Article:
With happy hearts and brave faces, the School of Design is proud to announce that after 35 years, Associate Head Melissa White Cicozi is retiring from the School of Design.
Melissa started at Carnegie Mellon University in 1986, as she pursued her master's degree at the Heinz School (then School of Urban and Public Affairs - SUPA). Upon completing her degree, Melissa joined the School of Design on April 17th, 1988.
“The School was so much smaller then -- we were the Design Department, rather than the School of Design,” said Melissa. “We only offered a BFA in Industrial Design or a BFA in Graphic Design. When I started, I was the Business Manager, the Facilities Manager, and most importantly the Undergraduate Advisor.”
Over the next 35 years, as the school grew, with the start of our master's program in 1996 and the doctoral program in 2001, Melissa became instrumental as the face of our student success by inspiring and sustaining a culture of care and concern from the time students considered applying through to becoming alums.
“Melissa has been the heart and soul of the School of Design,” said Professor and Interim Head Eric Anderson. “People quickly make the connection that student success is a result of Melissa's touch — whether it be advising the perfect course to ignite passion, comforting individuals in times of personal challenge, or being the relevant sage with historical Design stories of our alumni before their fame to uplift current students who will be in the future. What is less evident, however, is that Melissa's sincere care and concern extends to everyone — the proudest or meekest of faculty and staff. She contributed to shaping our school culture in the most positive ways, the legacy we will cherish.
“The school is immensely grateful for the sustained personal and professional high level gifts she has given us, and it is an understatement to say she will be greatly missed,” added Anderson.
“it’s most important for us to acknowledge how she’s been an advocate, a champion, a friend, a colleague, a mentor, and a safety net for each and every student, staff, and faculty member,” added Professor Mark Baskinger, Head of the Joseph Ballay Center for Design Fusion.
For Professor and Director of Graduate Studies Stacie Rohrbach, putting into words what Melissa has meant to the school is an extremely difficult task.
“Over the past 35 years, Melissa’s unwavering commitment to the School of Design and genuine interest in supporting its people has made her a steadfast pillar of our community,” said Rohrbach. “Greeting everyone with a sincere smile, Melissa swaps out the many hats (and stylish outfits) that she wears with ease to address any task that comes her way with care and grace. No doubt Melissa will be missed dearly by all of us, in ways that we can’t even imagine right now. In fact, Melissa’s contributions to the School matches how good design is often described—if done well it goes unnoticed and just feels right. I am immensely grateful for Melissa—as both a colleague and a friend—and wish her much happiness as she enters the next exciting stage of her life.”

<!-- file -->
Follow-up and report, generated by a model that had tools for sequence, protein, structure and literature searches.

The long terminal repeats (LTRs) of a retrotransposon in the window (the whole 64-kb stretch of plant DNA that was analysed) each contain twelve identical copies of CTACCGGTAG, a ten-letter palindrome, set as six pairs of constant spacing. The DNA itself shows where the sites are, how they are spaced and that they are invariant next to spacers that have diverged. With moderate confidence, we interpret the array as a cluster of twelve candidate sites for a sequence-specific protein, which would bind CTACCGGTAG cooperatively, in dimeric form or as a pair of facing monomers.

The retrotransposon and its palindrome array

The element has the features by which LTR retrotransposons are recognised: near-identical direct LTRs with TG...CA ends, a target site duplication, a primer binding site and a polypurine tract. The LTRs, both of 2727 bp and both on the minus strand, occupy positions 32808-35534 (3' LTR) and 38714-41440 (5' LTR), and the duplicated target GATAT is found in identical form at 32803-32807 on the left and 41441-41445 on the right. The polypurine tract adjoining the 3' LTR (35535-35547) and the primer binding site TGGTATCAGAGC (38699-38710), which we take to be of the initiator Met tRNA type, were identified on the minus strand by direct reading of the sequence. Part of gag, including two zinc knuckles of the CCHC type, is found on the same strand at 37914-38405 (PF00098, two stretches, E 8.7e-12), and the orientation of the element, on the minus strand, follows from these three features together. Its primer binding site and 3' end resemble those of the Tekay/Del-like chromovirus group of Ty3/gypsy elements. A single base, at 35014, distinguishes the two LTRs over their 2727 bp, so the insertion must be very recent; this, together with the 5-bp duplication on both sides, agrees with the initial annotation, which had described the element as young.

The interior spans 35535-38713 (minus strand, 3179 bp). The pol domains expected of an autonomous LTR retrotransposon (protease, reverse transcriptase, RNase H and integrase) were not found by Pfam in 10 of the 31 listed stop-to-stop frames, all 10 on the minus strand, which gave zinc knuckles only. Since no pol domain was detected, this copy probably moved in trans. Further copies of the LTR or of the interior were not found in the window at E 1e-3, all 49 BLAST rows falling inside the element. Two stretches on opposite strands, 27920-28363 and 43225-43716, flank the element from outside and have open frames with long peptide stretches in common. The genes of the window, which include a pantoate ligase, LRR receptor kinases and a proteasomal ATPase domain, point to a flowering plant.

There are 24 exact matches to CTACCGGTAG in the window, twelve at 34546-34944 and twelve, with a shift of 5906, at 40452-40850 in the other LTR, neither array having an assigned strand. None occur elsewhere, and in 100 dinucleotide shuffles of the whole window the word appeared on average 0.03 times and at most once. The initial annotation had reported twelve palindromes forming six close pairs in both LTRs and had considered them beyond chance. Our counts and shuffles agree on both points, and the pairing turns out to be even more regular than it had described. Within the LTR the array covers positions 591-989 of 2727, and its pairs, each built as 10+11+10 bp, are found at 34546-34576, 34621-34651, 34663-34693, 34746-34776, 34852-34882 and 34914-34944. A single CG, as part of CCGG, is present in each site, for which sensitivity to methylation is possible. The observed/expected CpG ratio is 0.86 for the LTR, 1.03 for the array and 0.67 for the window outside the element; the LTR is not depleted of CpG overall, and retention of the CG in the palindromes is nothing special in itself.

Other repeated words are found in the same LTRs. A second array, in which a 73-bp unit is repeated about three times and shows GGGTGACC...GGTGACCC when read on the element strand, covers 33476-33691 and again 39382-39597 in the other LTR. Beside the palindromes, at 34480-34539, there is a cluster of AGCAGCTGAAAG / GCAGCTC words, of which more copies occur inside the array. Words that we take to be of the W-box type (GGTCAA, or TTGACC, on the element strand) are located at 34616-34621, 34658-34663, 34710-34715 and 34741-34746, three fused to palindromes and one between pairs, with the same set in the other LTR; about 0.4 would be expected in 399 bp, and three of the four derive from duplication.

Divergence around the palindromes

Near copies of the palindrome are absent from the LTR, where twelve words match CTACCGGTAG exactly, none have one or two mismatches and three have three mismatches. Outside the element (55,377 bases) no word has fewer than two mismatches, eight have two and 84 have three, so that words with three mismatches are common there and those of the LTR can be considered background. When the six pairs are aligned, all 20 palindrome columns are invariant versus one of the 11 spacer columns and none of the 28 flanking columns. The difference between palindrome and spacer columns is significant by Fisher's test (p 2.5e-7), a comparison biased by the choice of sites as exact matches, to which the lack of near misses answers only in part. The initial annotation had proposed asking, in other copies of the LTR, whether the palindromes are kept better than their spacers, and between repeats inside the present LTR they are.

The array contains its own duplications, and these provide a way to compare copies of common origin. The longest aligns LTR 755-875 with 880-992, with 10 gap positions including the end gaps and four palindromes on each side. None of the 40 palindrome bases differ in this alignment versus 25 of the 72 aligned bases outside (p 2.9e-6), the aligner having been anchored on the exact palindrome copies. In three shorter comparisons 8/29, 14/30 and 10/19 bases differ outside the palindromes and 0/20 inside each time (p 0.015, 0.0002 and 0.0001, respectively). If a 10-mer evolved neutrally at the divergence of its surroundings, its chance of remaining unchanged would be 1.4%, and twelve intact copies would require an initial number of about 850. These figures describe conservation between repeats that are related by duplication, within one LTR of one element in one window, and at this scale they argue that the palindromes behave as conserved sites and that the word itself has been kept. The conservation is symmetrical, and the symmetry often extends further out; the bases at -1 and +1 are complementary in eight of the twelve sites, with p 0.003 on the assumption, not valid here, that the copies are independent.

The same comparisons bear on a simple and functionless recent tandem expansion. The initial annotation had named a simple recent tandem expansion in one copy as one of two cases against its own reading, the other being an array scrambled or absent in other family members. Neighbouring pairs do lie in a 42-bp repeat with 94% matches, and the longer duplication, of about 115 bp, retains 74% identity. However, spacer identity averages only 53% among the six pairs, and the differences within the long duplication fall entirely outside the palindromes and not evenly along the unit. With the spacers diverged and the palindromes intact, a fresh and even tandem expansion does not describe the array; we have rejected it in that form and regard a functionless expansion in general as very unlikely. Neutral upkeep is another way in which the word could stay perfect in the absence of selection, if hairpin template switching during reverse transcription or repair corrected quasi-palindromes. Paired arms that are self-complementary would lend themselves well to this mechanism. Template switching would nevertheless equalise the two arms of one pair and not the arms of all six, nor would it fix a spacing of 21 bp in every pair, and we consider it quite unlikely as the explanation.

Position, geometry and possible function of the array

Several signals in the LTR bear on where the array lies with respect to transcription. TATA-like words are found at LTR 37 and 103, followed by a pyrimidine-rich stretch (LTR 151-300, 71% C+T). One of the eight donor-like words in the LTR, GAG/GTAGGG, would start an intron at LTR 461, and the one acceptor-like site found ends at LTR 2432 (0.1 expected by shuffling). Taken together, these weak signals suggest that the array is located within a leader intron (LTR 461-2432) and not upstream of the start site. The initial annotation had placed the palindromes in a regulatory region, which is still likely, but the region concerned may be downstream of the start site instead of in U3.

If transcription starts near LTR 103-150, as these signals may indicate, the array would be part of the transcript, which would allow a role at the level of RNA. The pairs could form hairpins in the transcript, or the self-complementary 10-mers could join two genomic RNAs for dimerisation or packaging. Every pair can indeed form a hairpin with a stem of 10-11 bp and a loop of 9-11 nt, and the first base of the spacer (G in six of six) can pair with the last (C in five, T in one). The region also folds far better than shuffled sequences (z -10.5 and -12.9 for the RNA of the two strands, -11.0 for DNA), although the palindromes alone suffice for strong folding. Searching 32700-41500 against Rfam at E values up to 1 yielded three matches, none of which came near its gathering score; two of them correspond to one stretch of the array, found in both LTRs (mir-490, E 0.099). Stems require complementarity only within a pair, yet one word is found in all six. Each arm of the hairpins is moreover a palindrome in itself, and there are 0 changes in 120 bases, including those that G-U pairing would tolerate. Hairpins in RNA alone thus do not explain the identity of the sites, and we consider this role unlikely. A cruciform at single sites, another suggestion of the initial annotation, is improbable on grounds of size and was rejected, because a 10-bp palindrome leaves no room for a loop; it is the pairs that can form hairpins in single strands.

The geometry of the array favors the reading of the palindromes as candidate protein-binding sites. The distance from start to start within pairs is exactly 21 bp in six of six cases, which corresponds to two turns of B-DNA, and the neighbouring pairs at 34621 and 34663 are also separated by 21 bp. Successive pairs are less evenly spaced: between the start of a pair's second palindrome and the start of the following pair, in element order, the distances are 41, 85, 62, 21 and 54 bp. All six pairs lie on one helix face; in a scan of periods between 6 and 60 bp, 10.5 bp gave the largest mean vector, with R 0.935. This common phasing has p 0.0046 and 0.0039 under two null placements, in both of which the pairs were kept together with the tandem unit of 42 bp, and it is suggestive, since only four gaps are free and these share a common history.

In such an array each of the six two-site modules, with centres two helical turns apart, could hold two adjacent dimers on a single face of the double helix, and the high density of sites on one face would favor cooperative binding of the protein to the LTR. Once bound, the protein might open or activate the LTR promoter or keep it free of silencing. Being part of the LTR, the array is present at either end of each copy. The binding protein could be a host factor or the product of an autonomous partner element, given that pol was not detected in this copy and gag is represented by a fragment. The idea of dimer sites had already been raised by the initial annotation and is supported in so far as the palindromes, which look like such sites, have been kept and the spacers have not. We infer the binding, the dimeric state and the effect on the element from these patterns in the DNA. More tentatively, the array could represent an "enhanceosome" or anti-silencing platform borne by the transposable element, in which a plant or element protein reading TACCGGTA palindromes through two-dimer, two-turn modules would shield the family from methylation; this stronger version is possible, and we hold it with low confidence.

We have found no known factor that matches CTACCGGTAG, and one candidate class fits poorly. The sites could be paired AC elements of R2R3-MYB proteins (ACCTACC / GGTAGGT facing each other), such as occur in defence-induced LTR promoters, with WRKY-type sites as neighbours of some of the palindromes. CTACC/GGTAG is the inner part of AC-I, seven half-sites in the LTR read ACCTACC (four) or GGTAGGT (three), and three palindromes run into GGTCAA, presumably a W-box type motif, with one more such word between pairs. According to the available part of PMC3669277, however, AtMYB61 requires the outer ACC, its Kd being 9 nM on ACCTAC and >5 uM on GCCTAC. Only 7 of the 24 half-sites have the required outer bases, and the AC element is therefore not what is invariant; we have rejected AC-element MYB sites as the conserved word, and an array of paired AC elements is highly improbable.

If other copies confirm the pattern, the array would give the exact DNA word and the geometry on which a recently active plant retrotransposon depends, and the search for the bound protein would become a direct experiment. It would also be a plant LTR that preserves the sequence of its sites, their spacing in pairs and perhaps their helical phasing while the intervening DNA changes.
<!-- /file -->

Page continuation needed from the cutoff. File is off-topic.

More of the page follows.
“Two decades ago, my journey at CMU began, and amidst those initial steps, I had the pleasure of meeting Melissa,” said Professor Kristin Hughes. “Her kind smile welcomed me, radiant with enthusiasm and grace. In a single breath, she acquainted me with the courses I would be teaching and revealed the charming corners of Pittsburgh worth exploring, extending a generous invitation to join her aerobics class. Over the passing years, my admiration for Melissa has only deepened. Whether swiftly offering guidance to a student in crisis or readily setting aside everything to lend an ear when one spontaneously enters her office seeking solace, Melissa's unwavering presence, incredible sense of style, and support will be missed.”
Associate Professor Stephen Stadelmeier, who has worked with Melissa for the entirety of her career, calls Melissa “the heart of this place.”
“People have looked to Melissa to help make their own sense… of this place, their own lives, their own hearts and minds,” said Stadelmeier. “They've come here to take part in change, to grow and to reflect. Melissa has been a large part of that change. We’ve been blessed by her compassion, her patience, her empathy, her clarity, and her diligence.
“Thank you Melissa, then, in this moment, and in times to come.”
“More than anything, I hope my office has always been a place where students, staff and faculty could come for venting, reality checks, news-sharing, reassurance and advice, and maybe some comfort and candy,” said Melissa. “I hope that I helped our students to have fond memories of their time here.”
After Melissa leaves the School of Design, she’s heading right into a new job she’s incredibly excited for – Grandmother.
“My first grandchild was just born and I am over the moon about him,” said Melissa. “So in addition to my new role as ‘Meema,’ I want to visit old friends and explore volunteer opportunities, hopefully with Re-Use and Food Insecurity, in Pittsburgh.”
There aren’t enough words to describe how grateful we are for Melissa and everything she’s done for all of us. The School of Design wishes Melissa all of the best and a truly wonderful retirement.